3D Surface Texture Analysis for Early Malignant Melanoma Diagnosis

Y. Ding and L. Smith (UK)


6 light Photometric stereo, 3D skin texture, surface direction disruption, , true 2D centroid, surface magnitude disruptioon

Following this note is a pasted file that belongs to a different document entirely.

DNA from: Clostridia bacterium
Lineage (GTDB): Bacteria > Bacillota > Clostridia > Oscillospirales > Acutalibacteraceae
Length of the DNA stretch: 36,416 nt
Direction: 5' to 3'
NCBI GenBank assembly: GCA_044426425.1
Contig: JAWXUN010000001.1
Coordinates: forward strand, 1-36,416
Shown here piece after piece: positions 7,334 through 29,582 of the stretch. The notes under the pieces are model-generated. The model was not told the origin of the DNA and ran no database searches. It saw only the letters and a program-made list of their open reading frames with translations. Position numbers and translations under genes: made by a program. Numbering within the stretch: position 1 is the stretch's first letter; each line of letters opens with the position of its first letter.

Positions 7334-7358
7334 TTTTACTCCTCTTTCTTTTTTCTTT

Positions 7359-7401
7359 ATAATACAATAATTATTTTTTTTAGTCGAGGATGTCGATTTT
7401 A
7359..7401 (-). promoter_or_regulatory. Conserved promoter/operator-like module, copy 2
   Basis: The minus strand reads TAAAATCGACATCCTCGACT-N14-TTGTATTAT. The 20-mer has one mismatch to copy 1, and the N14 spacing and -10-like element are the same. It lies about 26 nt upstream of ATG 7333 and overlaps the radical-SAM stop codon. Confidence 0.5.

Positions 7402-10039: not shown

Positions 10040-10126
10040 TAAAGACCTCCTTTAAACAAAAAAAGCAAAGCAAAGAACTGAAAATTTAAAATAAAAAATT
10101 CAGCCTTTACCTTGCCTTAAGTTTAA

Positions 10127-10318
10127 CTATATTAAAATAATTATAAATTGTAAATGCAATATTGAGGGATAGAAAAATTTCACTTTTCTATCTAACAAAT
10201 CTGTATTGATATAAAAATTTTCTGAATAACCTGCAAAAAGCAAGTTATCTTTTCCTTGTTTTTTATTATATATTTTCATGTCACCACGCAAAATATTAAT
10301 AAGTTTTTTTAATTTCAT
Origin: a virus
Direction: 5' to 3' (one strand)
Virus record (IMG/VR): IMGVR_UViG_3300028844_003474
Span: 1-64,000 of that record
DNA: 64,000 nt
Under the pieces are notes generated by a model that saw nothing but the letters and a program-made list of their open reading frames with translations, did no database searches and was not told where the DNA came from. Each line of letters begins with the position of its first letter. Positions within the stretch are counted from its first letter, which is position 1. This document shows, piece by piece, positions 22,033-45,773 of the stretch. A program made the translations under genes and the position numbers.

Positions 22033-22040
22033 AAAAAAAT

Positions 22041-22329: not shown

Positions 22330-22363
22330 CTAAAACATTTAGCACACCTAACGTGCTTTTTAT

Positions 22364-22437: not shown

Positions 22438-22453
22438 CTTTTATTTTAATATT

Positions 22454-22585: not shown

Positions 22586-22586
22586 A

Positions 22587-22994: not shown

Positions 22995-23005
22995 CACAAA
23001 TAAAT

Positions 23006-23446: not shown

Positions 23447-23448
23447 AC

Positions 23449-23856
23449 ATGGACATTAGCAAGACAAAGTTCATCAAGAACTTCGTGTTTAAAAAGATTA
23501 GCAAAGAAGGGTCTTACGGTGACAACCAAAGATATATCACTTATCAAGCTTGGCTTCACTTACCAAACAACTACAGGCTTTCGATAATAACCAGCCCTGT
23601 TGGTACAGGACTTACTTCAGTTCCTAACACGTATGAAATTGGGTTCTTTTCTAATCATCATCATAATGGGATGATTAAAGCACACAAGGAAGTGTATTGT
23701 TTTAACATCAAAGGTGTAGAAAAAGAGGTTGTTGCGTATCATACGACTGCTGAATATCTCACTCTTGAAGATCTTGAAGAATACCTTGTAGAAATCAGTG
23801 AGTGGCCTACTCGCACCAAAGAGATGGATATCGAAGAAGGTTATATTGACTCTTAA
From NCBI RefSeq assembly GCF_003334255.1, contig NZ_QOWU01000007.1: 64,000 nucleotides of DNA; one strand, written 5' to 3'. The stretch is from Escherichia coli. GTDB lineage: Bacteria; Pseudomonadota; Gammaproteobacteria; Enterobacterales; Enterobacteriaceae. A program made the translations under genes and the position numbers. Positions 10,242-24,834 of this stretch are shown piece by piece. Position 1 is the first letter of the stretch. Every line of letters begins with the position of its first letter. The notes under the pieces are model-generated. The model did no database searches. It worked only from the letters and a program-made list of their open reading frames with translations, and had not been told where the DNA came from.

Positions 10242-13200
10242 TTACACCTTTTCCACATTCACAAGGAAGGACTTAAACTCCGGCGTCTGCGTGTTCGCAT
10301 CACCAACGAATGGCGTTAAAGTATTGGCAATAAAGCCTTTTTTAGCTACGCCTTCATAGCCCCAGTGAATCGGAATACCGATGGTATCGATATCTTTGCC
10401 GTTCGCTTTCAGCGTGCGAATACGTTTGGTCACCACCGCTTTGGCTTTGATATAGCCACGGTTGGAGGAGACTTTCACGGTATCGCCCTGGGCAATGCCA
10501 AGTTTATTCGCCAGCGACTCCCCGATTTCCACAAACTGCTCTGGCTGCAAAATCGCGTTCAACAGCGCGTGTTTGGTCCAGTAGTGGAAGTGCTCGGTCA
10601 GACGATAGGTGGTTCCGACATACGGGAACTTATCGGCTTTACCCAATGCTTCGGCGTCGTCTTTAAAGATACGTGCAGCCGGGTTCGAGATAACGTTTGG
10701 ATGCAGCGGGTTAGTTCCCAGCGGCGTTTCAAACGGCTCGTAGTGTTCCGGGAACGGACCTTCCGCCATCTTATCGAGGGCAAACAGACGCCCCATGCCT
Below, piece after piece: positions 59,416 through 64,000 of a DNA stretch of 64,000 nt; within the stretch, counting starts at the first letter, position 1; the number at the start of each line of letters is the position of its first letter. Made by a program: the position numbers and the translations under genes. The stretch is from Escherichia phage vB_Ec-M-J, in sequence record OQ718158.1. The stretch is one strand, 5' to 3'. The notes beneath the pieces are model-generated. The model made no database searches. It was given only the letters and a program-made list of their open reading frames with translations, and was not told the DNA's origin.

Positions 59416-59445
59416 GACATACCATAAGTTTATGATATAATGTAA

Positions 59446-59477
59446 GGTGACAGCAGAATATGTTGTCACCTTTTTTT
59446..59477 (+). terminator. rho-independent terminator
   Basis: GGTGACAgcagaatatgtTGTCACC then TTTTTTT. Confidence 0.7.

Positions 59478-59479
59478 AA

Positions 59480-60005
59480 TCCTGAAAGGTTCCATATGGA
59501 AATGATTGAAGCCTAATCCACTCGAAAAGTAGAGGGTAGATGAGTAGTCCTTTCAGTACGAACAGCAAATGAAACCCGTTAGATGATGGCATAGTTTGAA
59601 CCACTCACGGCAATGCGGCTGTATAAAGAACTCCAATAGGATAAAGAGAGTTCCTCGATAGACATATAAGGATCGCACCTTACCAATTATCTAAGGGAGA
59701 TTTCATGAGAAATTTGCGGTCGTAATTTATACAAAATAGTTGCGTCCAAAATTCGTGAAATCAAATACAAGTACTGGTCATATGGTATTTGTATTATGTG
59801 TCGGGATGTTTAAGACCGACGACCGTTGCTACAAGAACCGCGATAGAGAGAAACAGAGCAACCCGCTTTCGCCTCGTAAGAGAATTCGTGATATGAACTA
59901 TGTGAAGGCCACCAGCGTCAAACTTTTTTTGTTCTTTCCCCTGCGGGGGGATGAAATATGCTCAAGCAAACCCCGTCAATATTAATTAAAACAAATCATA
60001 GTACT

Malignant melanoma (MM) is a life-threatening dermatological disease, the successful treatment of which relies heavily on early recovery and diagnosis. It is proposed that early MMs tend to have larger 3D topological magnitude and direction disruptions than benign lesions. With a view to capturing these 3D indications, a 6 light photometric stereo device has been developed to recover reliable 3D skin texture in the form of surface gradients. In order to characterise the 3D skin texture, two separate numerical methods have been proposed which quantify surface direction and magnitude disruption. A true 2D centroid which is the projection of the real 3D centroid on the image plane has been used to determine the reference angles and the surface direction disruption using minimum error estimation. This is a more accurate method than the conventionally defined centroid which is susceptible to intensity distortions. Preliminary studies on 30 lesions (of which 5 are MMs) have resulted in 80% specificity. This is better than those achieved through analysis of 2D skin line patterns 56% specificity providing the same sensitivity. This demonstrates the proposed 3D texture analysis can provide potentially very useful MM indicators in addition to existing 2D features.

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